Even just the sound of her voice, the familiar rise and fall, the gentle lilt as she said his name... hurt. But he mustered the same bland schoolboy smile he'd mustered for years, finding her eyes in the moonlight.
There should have been more light, of course; should have been a crackling fire between them, and pieces of wild boar's meat roasting like marshmallows on makeshift wooden spears. She should have had many comforts that he had been... unable to provide. But he couldn't imagine she was about to complain now. For one thing, she had only smiled when he gave up on ever getting the fire going, admitting that she wouldn't have even known how to try. For another, her tone was too careful - and her expression too grave.
He shut his eyes. It was too much to hope for something petty like that anyway. He would - never have been so lucky. "What is it, Euphy?"
Another bad sign: she didn't immediately answer. Lelouch felt his smile beginning to falter and bolstered it, waiting. Tomorrow, he wouldn't have the time to be patient with her. Wouldn't have the luxury to be gentle. Because even when Zero was "kind", he could not afford to be gentle. Gentle people hesitated, like she was doing now.
But that was tomorrow, and for the night he was not Zero. He was only Lelouch, her brother, and those people could be gentle, at least when it suited all of the other people he had to be.
(It was dangerous, this game he was playing. Too many masks, too many lies and half-truths. Too many carefully-interlaced threads in his spider's web. It was bound to catch up with him sooner or later.)
"Euphy," he said, speaking up again partly because her lips were white with whatever she didn't want to say and partly because the sound of his own voice was convenient for shutting out the thoughts he didn't want to have, "it's all right. Whatever you were going to tell me..." And in a way he even meant it, because there was really nothing she could have said now that would ever hurt him half as much as she already had without knowing it. "If you hate Zero - that's fine."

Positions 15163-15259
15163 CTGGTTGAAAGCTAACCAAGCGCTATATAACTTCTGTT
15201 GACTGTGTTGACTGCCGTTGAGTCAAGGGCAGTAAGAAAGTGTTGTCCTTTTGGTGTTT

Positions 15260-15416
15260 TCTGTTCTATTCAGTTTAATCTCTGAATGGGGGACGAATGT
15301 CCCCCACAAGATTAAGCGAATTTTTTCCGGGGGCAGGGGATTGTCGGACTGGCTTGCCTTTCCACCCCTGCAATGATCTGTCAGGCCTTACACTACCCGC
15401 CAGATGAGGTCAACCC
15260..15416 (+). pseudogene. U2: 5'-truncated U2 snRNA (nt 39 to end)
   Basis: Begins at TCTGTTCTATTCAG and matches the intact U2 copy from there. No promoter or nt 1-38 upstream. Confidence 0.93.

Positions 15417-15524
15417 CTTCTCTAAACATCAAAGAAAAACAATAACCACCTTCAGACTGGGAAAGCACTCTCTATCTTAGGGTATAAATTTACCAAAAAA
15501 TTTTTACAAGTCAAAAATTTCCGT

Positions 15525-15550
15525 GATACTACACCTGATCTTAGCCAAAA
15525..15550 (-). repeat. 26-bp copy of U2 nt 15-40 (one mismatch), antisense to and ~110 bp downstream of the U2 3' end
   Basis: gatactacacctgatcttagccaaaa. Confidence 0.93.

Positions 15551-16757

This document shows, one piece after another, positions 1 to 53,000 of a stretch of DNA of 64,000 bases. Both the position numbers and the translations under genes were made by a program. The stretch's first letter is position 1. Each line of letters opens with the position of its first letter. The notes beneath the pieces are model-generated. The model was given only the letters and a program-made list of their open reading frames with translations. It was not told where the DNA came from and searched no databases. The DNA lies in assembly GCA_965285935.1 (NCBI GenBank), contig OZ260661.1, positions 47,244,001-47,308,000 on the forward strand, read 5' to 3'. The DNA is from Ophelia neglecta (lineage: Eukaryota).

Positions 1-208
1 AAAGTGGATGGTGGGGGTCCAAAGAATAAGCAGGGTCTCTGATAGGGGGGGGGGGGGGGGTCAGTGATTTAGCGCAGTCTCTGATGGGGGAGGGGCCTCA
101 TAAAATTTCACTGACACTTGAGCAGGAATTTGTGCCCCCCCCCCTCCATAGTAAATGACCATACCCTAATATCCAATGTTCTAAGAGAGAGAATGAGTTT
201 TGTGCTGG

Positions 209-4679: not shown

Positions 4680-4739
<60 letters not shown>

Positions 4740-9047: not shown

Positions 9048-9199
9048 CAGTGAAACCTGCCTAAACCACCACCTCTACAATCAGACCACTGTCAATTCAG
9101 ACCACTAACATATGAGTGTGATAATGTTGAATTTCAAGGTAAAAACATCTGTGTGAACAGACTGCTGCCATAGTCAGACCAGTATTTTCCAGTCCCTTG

She shook her head and shifted onto her back, so that her eyes were pointed up at the stars. So that he wouldn't be able to see them. "No. I don't hate him." But he could still see her lips as they formed the smallest smile, soft or sad. "How could I?"
Lelouch knew she meant because Zero is you and I don't hate you. He wondered if she didn't perhaps also mean because you're my brother and I can't. And he wondered how she rationalized what he had done to Clovis. Blood was thicker than water; fine. But water diluted blood. Add enough water, and the blood completely disappeared.
He said, "Most people find it very easy," which made her smile more because of course it let her say, "I'm not most people," and didn't make her think too much about the ugly part where maybe she should have been.
And that much, Lelouch had expected from her. He was somewhat more surprised when she knitted the fingers of her hands together and murmured, "You know, I think I... even understand why he exists. Why you need to be him." She didn't give him time to respond, which was just as well because Lelouch had no idea what he would have said. "So... that's okay. For now. Or, well, it isn't okay. It isn't okay at all. But... as long as you do one thing for me, it will be."
Lelouch stared at her. He still couldn't see her eyes, but he could imagine them - full to the brim with reflected light from the stars: with the much more fragile and flickering light that human beings called hope.
And for some reason, he hesitated.
How funny. He really was being extremely gentle with her, wasn't he?
He forced his tone brighter than he felt. "Just one thing, really? And then it'll all be okay? You're such a simple girl."
Euphemia sat up, then, and turned to look at him. Her expression was warring between amusement and offense. "I know. But it's not a very small thing. It might even be... a selfish request."
And then she reached out her hand for his, bridging half - but only half - of the gap between them. She was leaving it up to him to span the rest of it and take her hand in his. When he did not immediately do so, she didn't seem hurt or even surprised: she just left her hand dangling there and began to speak.